After teasing with a few small details last week, Tesla revealed more details on its proposed gigafactory that will provide lithium-ion batteries for its electric vehicles – and others? – for $30% less than what they cost now.
“The Gigafactory is designed to reduce cell costs much faster than the status quo and, by 2020, produce more lithium ion batteries annually than were produced worldwide in 2013,” the company declared in a blog post this afternoon.
The plant is expected to cost between $4 billion and $5 billion, with Tesla kicking in $2 billion, the company said. Once running at full capacity in 2020, the plant is expected to produce more than 500,000 batteries, matching Tesla’s expected output of 500,000 vehicles.
Tesla’s new factory will employ 6,500 people and will be located in one of four states: Texas, New Mexico, Arizona or Nevada. The location is due, in part, to the company’s desire to use renewable energy resources, such as wind and solar, to power the plant.
The choices for the site location are interesting. Texas has been fighting the automaker’s efforts to sell its vehicles outside of the existing dealer franchise network for some time.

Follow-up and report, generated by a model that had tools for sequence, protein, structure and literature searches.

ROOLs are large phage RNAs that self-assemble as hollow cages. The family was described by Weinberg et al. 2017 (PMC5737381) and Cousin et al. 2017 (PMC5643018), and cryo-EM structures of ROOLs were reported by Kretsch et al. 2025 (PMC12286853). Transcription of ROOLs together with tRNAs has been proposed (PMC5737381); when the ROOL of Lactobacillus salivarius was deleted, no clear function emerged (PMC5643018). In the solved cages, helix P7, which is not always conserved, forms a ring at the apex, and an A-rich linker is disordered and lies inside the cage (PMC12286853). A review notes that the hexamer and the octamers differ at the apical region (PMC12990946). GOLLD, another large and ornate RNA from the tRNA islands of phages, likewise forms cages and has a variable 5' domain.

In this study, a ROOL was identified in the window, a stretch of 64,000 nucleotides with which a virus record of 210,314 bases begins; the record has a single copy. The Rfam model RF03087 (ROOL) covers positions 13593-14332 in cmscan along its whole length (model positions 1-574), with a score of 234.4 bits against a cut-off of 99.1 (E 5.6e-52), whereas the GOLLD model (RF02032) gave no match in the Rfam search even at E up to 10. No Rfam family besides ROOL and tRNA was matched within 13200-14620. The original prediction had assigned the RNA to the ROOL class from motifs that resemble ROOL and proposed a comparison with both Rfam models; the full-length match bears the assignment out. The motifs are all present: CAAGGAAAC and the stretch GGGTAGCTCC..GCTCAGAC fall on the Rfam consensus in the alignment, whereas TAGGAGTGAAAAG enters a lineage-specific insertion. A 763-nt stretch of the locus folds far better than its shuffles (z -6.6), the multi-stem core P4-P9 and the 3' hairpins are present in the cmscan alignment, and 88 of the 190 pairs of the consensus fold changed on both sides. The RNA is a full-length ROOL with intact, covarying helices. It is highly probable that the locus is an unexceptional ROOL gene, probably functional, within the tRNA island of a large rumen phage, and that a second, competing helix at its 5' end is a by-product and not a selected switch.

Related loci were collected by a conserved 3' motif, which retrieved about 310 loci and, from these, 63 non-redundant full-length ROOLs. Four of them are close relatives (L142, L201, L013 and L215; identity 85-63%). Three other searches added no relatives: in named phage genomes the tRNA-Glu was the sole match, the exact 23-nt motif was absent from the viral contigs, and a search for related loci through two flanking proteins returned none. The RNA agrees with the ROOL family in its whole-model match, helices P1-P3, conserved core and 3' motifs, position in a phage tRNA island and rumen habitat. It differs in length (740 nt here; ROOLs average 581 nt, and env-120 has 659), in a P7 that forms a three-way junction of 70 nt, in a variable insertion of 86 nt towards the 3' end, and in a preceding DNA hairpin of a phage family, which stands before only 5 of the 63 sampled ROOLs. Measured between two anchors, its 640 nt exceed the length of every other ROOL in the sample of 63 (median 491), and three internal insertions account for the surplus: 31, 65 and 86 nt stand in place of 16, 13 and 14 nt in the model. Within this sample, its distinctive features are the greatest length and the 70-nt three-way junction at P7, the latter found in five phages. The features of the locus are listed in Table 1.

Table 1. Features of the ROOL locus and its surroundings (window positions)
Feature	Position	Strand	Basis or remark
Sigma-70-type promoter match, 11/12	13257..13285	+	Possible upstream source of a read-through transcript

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Tesla-backed bills that would have created an exemption to current state law restricting factory-owned dealerships failed to make it to the floor of the Texas House or Senate for voting last year, the Automotive News reported. The Legislature’s regular session ended last May, and it won’t meet again in a general session until 2015.
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As for New Mexico, it was considered the early leader to be the home for the company’s production plant. In fact, Gov. Bill Richardson announced the company was coming, but in a last-minute reversal, Tesla purchased the old General Motors/Toyota plant in Fremont, Calif. that currently builds the Model S. As a result, the developer involved in the deal for the New Mexico site, Rio Real Estate Opportunities, filed a lawsuit against the maker claiming fraud, breach of contract and other violations.
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The suit claims that Rio Real Estate was contracted to build the plant for $1.35 million per year for a period of 10 years, and in the run-up to the deal, the developer invested in environmental reports, local approvals and engineering resources, according to Wired.com. All those efforts cost the firm money, and Rio Real Estate claims that Tesla reneged on the deal after it signed a binding agreement in February of 2007.